PALO ALTO, Calif. (KTVU) - New questions have arisen about how far freedom of expression extends, and when is reaction, overreaction? This, after an elderly man was bullied for wearing a “Make America Great Again” hat in Palo Alto.
So-called MAGA hats have a history of generating reactions around the country. Now, a one-time citadel of acceptance is facing a darker side after an altercation outside the Starbucks coffee shop on California Avenue.
74-year-old Victor – last name withheld – had his MAGA hat on his head Monday, when he was berated for supporting President Donald Trump.
“This woman came over and not only started screaming at me, she turned to the Starbucks audience and said, ‘Hey everybody come here! This guy's a racist! This guy hates brown people!’” said Victor, wearing a yarmulke on his head Wednesday instead of his MAGA hat.
Palo Alto resident Rebecca Mankey took to social media, posting in part, “I yelled at him about how it was not okay to hate brown people. I called him more names and told him to call the police. He wouldn’t call the police so I called him a wimp, yelling at him to get the [expletive] out of my town. I’m going to publicly shame him in town and try to get him fired.”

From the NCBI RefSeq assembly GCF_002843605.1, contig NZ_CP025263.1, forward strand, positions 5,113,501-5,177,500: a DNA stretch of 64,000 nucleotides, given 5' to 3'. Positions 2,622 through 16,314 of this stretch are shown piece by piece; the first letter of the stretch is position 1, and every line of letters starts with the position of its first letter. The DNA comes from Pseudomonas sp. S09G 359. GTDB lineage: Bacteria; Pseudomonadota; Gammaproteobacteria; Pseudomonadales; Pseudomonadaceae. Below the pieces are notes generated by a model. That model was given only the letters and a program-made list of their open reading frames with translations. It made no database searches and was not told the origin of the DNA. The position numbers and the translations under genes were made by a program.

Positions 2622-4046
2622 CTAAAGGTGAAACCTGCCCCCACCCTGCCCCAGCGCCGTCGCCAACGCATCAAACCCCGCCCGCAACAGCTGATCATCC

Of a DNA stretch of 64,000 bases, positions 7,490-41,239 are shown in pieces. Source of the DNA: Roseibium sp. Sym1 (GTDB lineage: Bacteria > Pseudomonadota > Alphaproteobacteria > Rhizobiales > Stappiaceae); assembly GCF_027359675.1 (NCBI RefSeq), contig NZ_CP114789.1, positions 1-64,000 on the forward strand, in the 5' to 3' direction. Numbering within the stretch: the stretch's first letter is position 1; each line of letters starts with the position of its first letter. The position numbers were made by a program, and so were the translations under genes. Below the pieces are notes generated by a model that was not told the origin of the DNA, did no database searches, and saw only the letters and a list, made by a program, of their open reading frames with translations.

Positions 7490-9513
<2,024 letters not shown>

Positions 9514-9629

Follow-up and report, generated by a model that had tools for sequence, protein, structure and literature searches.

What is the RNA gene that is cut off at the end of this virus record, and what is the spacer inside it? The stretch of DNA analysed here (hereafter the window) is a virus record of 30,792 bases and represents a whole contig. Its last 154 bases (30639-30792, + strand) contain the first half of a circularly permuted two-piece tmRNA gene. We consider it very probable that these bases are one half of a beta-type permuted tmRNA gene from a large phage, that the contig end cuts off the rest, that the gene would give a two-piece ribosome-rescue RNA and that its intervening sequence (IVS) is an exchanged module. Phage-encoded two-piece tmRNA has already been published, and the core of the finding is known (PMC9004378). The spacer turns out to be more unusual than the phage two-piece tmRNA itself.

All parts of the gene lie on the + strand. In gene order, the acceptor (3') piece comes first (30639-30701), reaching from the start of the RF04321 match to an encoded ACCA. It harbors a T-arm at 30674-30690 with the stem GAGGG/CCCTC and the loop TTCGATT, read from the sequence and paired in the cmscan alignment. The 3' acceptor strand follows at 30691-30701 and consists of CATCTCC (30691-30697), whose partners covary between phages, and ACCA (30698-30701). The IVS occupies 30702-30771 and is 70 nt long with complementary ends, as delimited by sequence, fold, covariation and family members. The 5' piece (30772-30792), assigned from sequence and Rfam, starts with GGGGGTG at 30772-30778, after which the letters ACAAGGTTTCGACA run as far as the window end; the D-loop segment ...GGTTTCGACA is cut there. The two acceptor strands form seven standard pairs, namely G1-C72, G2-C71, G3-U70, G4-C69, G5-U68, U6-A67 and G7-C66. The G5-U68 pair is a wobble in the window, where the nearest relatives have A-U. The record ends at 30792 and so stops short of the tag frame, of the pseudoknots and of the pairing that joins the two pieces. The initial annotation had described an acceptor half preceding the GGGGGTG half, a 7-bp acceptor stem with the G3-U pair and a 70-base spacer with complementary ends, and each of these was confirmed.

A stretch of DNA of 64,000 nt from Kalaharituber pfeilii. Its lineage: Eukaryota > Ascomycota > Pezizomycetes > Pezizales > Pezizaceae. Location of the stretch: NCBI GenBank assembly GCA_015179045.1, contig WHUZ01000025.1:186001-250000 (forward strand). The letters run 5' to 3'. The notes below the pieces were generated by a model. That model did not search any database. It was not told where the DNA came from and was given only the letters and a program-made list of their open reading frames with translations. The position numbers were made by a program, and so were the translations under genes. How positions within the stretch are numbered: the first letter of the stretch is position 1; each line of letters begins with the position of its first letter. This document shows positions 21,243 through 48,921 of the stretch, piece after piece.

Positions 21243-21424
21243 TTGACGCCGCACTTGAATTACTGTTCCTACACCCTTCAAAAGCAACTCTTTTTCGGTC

“It’s called Trump derangement syndrome: people acting crazy. If you can’t tell the difference between a hat that says ‘Make America Great Again’ and a Nazi helmet or a Ku Klux Klan hat, I’d say you’re deranged,” said Victor, in response to the social media posts.
Palo Alto police say Victor has not contacted them about what happened and therefore, they don’t have proof of a crime. Rebecca Mankey did contact the police department because she says she’s been receiving threats because of her social media posts. Those threats extend to the place where she used to work.
“It’s not every day that you come to work and have something like that land in your lap,” said Richard Johnston, owner of Gryphon Stringed Instruments in Palo Alto.
He says Mankey was the office manager the past four years, at the guitar sales and repair shop.
Tuesday his phones were ringing with inquiries, caustic comments, and threats in reaction to the social media posts. He decided to fire Mankey, a friend since grade school. But the sacking isn’t due to the firestorm, but because her actions – publicly bullying someone because of their political beliefs – are contrary to his beliefs.
“We’ve always felt that Gryphon was the equivalent of kind of a musical town square for the community. And we welcome people of all views,” said Johnston.
Mankey’s defenders say it wasn’t her actions, but the MAGA hat that proved the ignition source for the conflict.
“Wear that hat and be proud. You just stand up for what you believe in and I’ll stand up for what I believe in and we can still have a cup of coffee together. Right on,” said one unidentified woman who greeted Victor with a hug as they talked on California Avenue.
Others say in a land of freedom of speech and expression, even a symbol despised by some must be accepted in a place of laws and liberty.